The past two weeks have found me returning to a bit of work. It’s an annual job that runs for a few weeks, and I’m able to sit at home in my pajamas, use my brain a little, and get paid. It’s not a bad opportunity; in fact, the extra money is always welcome. When I received the inquiry about my participation in this year’s program, I initially scoffed at the idea of working, It was after all, just after Caemon had died. But the reality of finances began to settle in. While we have nearly paid off all of our medical expenses, and while we had enough to move, the fact that I have not worked regularly since last August is beginning to show in our bank account and has left me to try on returning to working life, even if just for a few weeks.
Honestly, I thought this would be harmless, that I could sit around and grade some exams, talk once in awhile on the phone with colleagues, and have a little bit of a mental break from the grieving without the bigger commitment of having a regular schedule or regular interactions with the outside world. While I did consider that my brain might be a bit rusty, I didn’t fathom that I might encounter people who were actually unkind or situations that completely dismissed that I am a human being going through the traumatic experience of losing a child.
That is the case in our culture though, isn’t it? Most employers don’t offer much more than a week or two for bereavement, and beyond that, we’re expected to put on our suits, dry our tears, and get back to work. Ah, but grief doesn’t work like that, does it? It pops up. I might be sitting here grading only to read a paper about a teen who feels her parents have neglected her, and I will absolutely fall apart. Or, there won’t be a reminder, only quiet, too much quiet, and I’ll remember past years when I graded while nursing a baby Caemon, while snuggling a sleepy toddler Caemon, or while watching a little boy Caemon playing on my office floor. With those memories come tears and distraction, something that doesn’t serve one well in work that requires focus and concentration.
To my surprise, I have managed to perform satisfactorily for the most part. There are days when I am a bit off, though, and on those days, I have been called out by supervisors. On one occasion, I mentioned that I was feeling off my game, that I could use some mentoring to get back on track because my son had just died. Typically, this disarms people, but in this circumstance, it seemed to make the supervisor less understanding, more critical. I burst into tears when I got off the phone. I wasn’t ready for the harsh reality of an environment where work is work and personal lives take a seat way, way in the back.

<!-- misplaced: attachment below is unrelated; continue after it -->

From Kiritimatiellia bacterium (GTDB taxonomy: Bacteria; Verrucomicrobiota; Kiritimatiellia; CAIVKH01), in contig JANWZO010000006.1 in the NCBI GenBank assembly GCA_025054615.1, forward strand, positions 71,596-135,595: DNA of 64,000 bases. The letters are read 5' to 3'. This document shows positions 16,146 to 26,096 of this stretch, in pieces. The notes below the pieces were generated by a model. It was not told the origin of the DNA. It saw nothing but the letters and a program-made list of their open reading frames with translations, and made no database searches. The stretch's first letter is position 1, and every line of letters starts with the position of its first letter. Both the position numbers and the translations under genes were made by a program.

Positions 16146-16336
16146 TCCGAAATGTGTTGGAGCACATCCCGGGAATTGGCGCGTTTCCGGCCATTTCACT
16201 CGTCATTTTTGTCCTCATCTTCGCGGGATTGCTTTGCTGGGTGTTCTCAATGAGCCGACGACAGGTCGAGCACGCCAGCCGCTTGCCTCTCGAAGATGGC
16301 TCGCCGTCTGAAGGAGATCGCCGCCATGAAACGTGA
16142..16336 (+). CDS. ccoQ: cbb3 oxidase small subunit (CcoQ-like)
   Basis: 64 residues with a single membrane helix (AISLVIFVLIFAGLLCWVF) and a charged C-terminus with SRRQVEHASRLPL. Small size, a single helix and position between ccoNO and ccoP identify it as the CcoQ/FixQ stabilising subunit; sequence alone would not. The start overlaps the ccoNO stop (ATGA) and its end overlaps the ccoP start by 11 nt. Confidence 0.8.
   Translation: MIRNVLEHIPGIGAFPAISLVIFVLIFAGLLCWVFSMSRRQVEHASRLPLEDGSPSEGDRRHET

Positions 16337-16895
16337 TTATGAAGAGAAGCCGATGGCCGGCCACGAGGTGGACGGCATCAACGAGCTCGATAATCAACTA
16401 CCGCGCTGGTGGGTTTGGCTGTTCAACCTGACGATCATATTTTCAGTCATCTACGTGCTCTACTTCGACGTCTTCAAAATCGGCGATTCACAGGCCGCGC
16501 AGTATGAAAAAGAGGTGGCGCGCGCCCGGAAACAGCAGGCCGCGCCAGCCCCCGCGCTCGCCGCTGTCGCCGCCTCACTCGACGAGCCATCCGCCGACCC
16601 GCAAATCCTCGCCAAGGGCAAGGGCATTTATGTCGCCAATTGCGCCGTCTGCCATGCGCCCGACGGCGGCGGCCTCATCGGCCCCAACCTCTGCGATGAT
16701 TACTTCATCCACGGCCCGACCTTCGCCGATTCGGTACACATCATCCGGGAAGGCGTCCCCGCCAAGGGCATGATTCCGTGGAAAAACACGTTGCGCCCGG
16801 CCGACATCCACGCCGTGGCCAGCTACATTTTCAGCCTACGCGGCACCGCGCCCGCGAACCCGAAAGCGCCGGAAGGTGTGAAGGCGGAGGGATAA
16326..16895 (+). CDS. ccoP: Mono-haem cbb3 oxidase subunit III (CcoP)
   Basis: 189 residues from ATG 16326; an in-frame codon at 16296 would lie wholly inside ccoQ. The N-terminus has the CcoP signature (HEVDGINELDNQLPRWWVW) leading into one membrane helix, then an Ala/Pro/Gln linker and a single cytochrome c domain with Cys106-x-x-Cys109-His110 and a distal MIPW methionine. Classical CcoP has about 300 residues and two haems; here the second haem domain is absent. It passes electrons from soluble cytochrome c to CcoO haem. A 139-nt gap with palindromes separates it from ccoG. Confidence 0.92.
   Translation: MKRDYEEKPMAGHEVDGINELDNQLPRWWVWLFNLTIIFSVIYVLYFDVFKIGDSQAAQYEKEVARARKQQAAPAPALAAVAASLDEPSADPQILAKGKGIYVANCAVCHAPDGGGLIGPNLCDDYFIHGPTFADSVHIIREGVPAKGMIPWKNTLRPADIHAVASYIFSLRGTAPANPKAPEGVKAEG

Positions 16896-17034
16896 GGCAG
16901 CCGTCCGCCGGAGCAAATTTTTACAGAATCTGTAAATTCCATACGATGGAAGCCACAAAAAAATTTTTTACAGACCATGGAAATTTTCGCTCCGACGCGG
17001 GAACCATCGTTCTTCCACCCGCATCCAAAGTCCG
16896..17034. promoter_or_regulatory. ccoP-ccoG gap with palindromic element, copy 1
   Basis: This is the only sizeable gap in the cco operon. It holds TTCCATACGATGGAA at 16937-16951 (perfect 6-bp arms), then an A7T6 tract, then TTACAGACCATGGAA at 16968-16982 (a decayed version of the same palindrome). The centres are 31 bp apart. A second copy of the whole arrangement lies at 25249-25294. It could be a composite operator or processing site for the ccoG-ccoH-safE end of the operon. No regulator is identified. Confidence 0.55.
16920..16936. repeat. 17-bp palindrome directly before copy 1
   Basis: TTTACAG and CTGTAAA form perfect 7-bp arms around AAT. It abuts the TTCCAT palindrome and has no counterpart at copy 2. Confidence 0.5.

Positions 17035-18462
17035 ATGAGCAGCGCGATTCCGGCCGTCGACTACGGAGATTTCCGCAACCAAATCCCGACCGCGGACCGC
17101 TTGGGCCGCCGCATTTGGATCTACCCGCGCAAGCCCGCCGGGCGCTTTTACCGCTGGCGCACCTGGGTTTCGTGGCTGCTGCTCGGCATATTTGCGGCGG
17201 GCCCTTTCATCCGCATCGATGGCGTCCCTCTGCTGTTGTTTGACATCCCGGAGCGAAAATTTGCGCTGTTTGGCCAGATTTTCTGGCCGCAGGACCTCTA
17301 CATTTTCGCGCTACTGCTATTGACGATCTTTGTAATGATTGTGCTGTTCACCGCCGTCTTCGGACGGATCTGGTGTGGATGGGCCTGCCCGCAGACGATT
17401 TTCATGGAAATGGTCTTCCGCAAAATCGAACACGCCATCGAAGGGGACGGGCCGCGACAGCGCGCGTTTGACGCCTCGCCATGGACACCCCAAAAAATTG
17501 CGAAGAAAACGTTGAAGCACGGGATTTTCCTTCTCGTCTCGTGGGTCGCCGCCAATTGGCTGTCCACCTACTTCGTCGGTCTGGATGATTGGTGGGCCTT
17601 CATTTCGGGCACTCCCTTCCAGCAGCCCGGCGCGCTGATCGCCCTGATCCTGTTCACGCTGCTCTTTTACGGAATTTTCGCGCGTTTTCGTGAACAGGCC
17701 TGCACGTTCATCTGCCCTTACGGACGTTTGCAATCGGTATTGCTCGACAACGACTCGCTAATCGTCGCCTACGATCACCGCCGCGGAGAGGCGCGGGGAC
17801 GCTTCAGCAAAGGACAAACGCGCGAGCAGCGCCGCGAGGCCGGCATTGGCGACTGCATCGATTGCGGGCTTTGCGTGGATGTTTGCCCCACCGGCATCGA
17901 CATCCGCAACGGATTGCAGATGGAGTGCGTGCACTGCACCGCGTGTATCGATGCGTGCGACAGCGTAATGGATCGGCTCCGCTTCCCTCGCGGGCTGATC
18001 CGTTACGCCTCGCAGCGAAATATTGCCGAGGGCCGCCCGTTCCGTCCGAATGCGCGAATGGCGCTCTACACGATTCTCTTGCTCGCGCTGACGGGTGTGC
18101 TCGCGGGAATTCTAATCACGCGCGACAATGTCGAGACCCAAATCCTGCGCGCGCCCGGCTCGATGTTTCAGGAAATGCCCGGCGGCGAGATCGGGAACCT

A few days later, it was my turn to do some mentoring of graders, and one of my team members was struggling. When I spoke with him, he confided that he had recently suffered some deaths in his family, and he was struggling to grade through the grief. I expressed my condolences, and offered him words of encouragement when he decided to back out of the program and return next year. When I spoke with one of the supervisors–a different one this time–I was met with similar disregard for this person’s suffering and utter relief that they had finally rid themselves of this problem grader. This problem. A grieving man. Once again, I cried when I hung up the phone.
I have worked in academia for over a decade in one way or another, and while I love intellectual pursuits, I’m beginning to see that Caemon’s death has changed me. Yes, I may very well return to academic work eventually and love it, but I don’t know. I know it feels like leading with my head is counterintuitive right now. It’s almost as if my heart won’t let me. I spend all day trying to squash my grief, pushing it back so that I can focus only to be consumed with it for the rest of the day once my work is finished. I know it won’t be like this forever, but that change in me–that desire to lead with love–that will be with me for the rest of my life, so I wonder if I even can go back to this sort of work where the head rules and the heart rides in a side car.
I’m beginning to fear the answer is no.
Of course, for now I’ve got to make a living, and I’ve got to do it whether the people I work with are understanding or not. I have decided to return to my regular job this summer where compassionate people abound, but where I am, for all intents and purposes, a brain on a computer monitor (I work in online educational support). Since Caemon was diagnosed with leukemia, however, I have been feeling a pull toward something else, toward work of the heart, something that might make a difference in people’s lives beyond their ability to successfully write an essay. I don’t know what that is going to look like, but my son changed me. He led me not to just realize but to know that I must make the most of every moment I spend on this planet.
I still don’t know if I am ready to return to work. What I do know is that I need to surround myself in people with love and empathy and be gentle and patient with myself. I have learned very quickly that when I stop honoring the grieving process, I suffer. Whatever I do, my inclination right now is to lead with my heart, to be as authentic as I can, and to be kind to myself. I suppose I should hope for the same in any future pursuits, and while the control freak in me has a hard time of just letting that be for now, I’ve got to learn to know that my right path is just ahead.